How neural barcodes shape episodic memory in chickadees

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Black-capped chickadees have extraordinary memories that can recall the locations of thousands of morsels of food to help them survive the winter. Now scientists at Columbia's Zuckerman Institute have discovered how the chickadees can remember so many details: they memorize each food location using brain cell activity akin to a barcode. These new findings may shed light on how the brain creates memories for the events that make up our lives.

We see the world through our memories of objects, places and people. Memories entirely define the way we see and interact with the world. With this bird, we have a way to understand memory in an incredibly simplified way, and in understanding their memory, we will understand something about ourselves."

Dmitriy Aronov, PhD, principal investigator at Columbia's Zuckerman Institute and assistant professor of neuroscience at Columbia's Vagelos College of Physicians and Surgeons

This barcode-like formatting of memory, revealed for the first time today in the journal Cell, may be a common tactic in animal brains, including those of humans. "There are many findings in humans that are totally consistent with a barcode mechanism," said postdoctoral research fellow Selmaan Chettih, PhD, the study's co-first author along with Emily Mackevicius, PhD.

Chickadees are "memory geniuses," said Dr. Aronov, the study's corresponding author. They are masters of episodic memory -; the brain's ability to recall specific moments, such as stashing a bit of food away under tree bark or in a knothole. This can prove a matter of life or death for them, since unlike most birds that live in cold places, chickadees don't migrate during the winter. This means their survival hinges on remembering where they hid food during warmer months, with some making up to 5,000 of these stashes per day.

Scientists have long known that these birds rely on the hippocampus–a brain structure critical for memory in all vertebrates, including humans–for storing memories of their caches. However, no one had identified the specific neural activity in the hippocampus that encodes episodic memories such as food-caching events.

"The question we're trying to answer is, 'What physically is a memory?'" Dr. Chettih said.

Chickadees may help scientists unlock this mystery. To explore the prodigious memories of chickadees, Dr. Aronov and his team built indoor arenas inspired by the birds' natural habitats.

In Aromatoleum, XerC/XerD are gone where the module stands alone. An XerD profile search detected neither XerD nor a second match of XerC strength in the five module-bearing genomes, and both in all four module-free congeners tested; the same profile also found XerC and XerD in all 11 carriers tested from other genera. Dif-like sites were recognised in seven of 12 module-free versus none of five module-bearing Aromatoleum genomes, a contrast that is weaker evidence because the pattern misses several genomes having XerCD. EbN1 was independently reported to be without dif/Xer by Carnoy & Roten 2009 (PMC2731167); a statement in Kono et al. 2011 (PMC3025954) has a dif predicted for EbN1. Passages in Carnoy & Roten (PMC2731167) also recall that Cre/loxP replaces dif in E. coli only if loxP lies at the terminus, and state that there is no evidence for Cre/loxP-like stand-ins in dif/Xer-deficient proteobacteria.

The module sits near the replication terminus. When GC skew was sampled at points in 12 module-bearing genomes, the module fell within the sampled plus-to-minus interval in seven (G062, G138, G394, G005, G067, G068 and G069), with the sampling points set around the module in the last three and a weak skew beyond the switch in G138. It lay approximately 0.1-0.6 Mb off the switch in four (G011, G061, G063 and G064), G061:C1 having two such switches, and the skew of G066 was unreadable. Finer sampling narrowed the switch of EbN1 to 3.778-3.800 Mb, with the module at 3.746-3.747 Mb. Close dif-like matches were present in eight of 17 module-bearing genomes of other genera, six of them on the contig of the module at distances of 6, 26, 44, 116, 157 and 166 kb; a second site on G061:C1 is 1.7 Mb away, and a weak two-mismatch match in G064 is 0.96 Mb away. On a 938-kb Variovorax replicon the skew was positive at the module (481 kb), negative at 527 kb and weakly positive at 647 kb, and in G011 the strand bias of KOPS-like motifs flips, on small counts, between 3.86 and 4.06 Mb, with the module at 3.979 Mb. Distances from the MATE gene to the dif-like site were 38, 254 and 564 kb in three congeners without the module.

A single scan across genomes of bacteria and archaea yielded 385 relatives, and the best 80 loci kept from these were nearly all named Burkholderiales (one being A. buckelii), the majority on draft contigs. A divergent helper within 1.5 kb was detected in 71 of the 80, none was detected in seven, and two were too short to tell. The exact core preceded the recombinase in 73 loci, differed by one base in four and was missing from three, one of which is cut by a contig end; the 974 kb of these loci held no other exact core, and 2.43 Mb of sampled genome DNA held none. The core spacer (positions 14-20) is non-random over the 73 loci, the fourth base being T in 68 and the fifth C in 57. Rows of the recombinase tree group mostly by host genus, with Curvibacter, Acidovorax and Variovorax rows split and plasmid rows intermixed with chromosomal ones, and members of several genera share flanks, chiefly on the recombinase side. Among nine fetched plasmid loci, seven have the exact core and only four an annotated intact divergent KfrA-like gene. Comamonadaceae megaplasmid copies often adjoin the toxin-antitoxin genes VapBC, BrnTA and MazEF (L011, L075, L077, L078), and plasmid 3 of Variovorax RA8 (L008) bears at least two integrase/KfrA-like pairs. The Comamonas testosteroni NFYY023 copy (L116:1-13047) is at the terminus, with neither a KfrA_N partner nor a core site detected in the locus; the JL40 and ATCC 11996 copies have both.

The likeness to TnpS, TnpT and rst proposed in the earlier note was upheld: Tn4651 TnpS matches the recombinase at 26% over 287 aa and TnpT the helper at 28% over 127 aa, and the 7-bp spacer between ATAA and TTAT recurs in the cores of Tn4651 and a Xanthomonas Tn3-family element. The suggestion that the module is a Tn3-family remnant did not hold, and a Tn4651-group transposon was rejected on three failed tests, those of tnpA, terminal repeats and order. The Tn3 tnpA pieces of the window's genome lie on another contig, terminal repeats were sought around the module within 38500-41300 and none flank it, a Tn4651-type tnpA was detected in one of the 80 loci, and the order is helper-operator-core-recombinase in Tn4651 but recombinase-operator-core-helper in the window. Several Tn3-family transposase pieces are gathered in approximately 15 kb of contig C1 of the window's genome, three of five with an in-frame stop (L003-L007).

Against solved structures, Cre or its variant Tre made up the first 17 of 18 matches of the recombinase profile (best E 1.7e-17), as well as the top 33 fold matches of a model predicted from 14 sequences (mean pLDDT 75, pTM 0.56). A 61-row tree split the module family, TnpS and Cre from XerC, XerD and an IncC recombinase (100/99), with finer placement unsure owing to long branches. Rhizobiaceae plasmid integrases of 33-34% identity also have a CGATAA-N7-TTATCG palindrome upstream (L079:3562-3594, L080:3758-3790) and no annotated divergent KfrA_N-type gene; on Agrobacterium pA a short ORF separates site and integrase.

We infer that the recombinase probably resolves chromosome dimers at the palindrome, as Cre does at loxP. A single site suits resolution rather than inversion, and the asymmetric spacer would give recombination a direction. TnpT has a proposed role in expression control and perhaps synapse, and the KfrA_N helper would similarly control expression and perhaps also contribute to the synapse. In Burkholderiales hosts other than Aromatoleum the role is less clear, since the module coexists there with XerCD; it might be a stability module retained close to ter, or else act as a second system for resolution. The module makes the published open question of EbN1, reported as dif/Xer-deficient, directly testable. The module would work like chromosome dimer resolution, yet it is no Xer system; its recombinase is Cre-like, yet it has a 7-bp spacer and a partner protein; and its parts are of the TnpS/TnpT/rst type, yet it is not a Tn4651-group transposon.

"Scientists have marveled at the memory of these birds for decades, but what has been a mystery is what was going on in their brains to support these memories," said Dr. Aronov. "Now we have neural recording and behavior tracking tools at our disposal to advance our knowledge of how these birds are capable of these feats of memory."

In typical experiments, a black-capped chickadee instinctively hides sunflower seeds in holes in the arenas as the researchers monitor activity in the hippocampus. Meanwhile, six cameras also record the birds as they flit about, with an artificial intelligence system automatically tracking them as they stash and retrieve seeds. 

The scientists unexpectedly found that each time a chickadee stashed a seed, hippocampal neurons fired in a unique pattern. These fleeting patterns reactivated when the birds retrieved that specific food cache.

"These are very striking patterns of activity, but they're very brief -; only about a second long on average," Dr. Chettih said. "If you didn't know exactly when and why they happened, it would be very easy to miss them." As the researchers mulled over their data, the idea of neural barcodes as unique labels for different events began to make sense, they said. 

These barcode patterns exist independently from the activity of hippocampal neurons, called place cells, which encode memories of locations. Each barcode remains distinct, even when it comes to stashes hidden at the same place but different times, or at neighboring stashes made in quick succession. 

"Many hippocampal studies have focused on place cells, with the Nobel Prize awarded for their discovery in 2014," Dr. Aronov said. "So the assumption in the field was that episodic memory must have something to do with changes in place cells. We find that place cells don't actually change when birds form new memories. Instead, during food caching, there are additional patterns of activity beyond those seen with place cells."

Going forward, the researchers want to see if the chickadees activate barcodes when looking for caches from remote locations. 

"That's what we might expect if they are planning to retrieve a cached item before they actually do it," Dr. Chettih said. "We want to identify those moments when a bird is thinking about a location but it's not there yet, and see if activating a barcode might drive a bird to go to a cache."

The researchers are also eager to know if the barcoding tactic they have uncovered chickadees is in widespread use among other animals, including humans. Such research may help shed light on a core part of the human experience.

"If you think about how people define themselves, who they think they are, their sense of self, then episodic memories of particular events are central to that," Dr. Chettih said. "That's what we're trying to understand."

Source:
Journal reference:

Chettih, S. N., et al. (2024) Barcoding of episodic memories in the hippocampus of a food-caching bird. Cell. doi.org/10.1016/j.cell.2024.02.032.

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